The paucity of money in the municipal corporation notwithstanding, mayor Bakshi Ram Arora, who has completed a year in power, continues to toe the government line.
This is regardless of the fact that he himself has accepted that the MC has no resources for the city's development. Agreeing that local member of Parliament Navjot Singh Sidhu was batting for the MC by raising his voice against the alleged siphoning of funds from the other civic body, the Improvement Trust, and the scuttling of projects, Arora still termed this Sidhu's "own matter" and refused to comment on it.
Arora, who took over the reins of the MC a year ago because of a tussle between the Sidhu and Anil Joshi (industry minister) groups, has failed to do much for the city in his term, so far. If at all, he now is even more disgruntled with the corporation, especially since his visit to sister city Bakersfield in the US state of California.
"In spite of the mayor's assertions time and again to revive failed projects, City Bus Service and Pods remain non-starters," said Congress councillor Rajkanwal Preet Pal Singh Lucky. "The mayor failed to impress even World Bank vice-president Phillipe H Le Houerou during his visit to the city for planning a canal-based water-supply project," he added.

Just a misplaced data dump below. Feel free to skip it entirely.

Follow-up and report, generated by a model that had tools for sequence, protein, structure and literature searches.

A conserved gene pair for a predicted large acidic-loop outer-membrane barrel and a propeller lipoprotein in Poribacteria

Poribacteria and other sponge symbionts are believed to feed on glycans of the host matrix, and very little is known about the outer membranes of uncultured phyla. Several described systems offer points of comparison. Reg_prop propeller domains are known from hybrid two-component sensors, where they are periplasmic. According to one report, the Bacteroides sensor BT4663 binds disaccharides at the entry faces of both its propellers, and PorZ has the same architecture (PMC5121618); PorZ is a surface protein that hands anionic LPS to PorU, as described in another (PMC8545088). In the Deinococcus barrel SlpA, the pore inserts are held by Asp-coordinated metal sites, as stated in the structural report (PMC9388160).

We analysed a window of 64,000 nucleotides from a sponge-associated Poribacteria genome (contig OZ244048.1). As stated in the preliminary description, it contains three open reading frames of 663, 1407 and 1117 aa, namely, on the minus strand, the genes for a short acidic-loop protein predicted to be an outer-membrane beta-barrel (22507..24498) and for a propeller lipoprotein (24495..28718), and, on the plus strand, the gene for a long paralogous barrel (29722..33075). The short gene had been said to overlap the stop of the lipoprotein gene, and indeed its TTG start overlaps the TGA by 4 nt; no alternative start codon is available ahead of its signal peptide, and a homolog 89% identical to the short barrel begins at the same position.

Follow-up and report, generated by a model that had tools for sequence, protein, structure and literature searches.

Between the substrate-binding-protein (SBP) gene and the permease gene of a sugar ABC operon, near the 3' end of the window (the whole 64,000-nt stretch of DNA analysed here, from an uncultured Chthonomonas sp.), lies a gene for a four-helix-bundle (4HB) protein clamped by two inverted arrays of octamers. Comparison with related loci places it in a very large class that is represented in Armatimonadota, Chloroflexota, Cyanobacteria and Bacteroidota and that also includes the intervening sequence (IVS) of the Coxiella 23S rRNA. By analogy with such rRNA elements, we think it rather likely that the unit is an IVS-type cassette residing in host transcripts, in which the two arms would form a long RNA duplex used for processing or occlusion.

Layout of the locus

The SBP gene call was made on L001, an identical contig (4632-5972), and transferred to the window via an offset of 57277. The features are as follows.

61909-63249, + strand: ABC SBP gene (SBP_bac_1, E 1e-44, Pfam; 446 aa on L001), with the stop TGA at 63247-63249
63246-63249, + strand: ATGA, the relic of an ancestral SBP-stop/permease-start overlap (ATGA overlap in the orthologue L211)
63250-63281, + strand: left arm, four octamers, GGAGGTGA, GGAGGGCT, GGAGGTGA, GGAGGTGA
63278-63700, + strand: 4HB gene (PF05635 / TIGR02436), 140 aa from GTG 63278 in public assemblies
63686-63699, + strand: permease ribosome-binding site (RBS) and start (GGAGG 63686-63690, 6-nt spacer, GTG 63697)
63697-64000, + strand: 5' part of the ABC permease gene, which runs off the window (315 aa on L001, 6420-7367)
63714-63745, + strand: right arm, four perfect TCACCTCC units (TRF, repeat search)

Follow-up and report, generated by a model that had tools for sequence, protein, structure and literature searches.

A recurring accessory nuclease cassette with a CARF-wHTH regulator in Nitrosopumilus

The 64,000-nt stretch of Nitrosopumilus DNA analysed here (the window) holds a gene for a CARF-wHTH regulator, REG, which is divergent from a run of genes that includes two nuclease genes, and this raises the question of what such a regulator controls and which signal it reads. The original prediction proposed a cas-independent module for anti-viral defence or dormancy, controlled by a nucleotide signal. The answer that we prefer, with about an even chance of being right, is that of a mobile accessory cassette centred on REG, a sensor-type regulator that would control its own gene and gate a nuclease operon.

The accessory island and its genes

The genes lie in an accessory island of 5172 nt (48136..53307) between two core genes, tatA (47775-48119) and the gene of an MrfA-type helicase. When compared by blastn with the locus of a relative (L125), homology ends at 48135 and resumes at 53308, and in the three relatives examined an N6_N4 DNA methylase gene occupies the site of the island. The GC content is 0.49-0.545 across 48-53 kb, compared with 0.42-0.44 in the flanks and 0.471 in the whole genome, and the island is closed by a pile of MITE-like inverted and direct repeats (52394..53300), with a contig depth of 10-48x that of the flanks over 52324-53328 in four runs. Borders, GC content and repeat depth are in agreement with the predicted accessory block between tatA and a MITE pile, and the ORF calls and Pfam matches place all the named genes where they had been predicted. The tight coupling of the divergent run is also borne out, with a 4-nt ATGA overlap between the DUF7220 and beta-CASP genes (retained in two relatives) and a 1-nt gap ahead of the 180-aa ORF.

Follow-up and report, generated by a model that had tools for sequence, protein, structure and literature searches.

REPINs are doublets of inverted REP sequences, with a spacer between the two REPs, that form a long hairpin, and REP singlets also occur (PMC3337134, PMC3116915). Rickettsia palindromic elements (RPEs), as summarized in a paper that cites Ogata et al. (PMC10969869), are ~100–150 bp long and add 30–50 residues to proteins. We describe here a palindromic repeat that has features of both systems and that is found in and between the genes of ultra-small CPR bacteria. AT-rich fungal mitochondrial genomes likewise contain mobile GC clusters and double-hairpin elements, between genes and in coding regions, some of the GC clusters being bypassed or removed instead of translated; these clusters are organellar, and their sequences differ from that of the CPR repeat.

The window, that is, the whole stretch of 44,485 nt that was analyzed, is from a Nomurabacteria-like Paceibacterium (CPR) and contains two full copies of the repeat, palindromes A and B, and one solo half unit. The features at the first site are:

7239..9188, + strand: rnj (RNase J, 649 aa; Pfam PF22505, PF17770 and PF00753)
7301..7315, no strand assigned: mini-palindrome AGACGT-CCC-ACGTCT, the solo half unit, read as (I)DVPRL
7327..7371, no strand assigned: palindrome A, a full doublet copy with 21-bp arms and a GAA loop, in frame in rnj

"Nearly 60% of the city's population is still bereft of potable water supply, and is dependent largely on the groundwater resources. The World-Bank-sponsored project can bring water to the localities that don't have it," said Lucky. People are sceptical whether the now-announced Bus Rapid Transit System (BRTS), a project worth `500 crore, will also materialise.
In Arora's own words: "We may not have achieved much but have managed definitely to cut down on liabilities and expenses to quite an extent. From `60 crore, the MC liabilities are down to `45 crore, and we raised salaries of the sanitation workers, promoted them, launched sanitation projects, and doubled the number of trolleys for lifting garbage," he said.
It was under Arora's leadership that the MC pledged Guru Nanak Bhawan, property worth more than `80 crore, for a loan of `50 crore from the Bank of India to clear the salaries and dues of its employees. It also applied for a loan of `100 crore from Housing and Urban Development Corporation (HUDCO) for works in the city, even as the MC's revenue-earning departments failed to meet their annual targets for want of effective leadership, dragging the corporation into financial mess.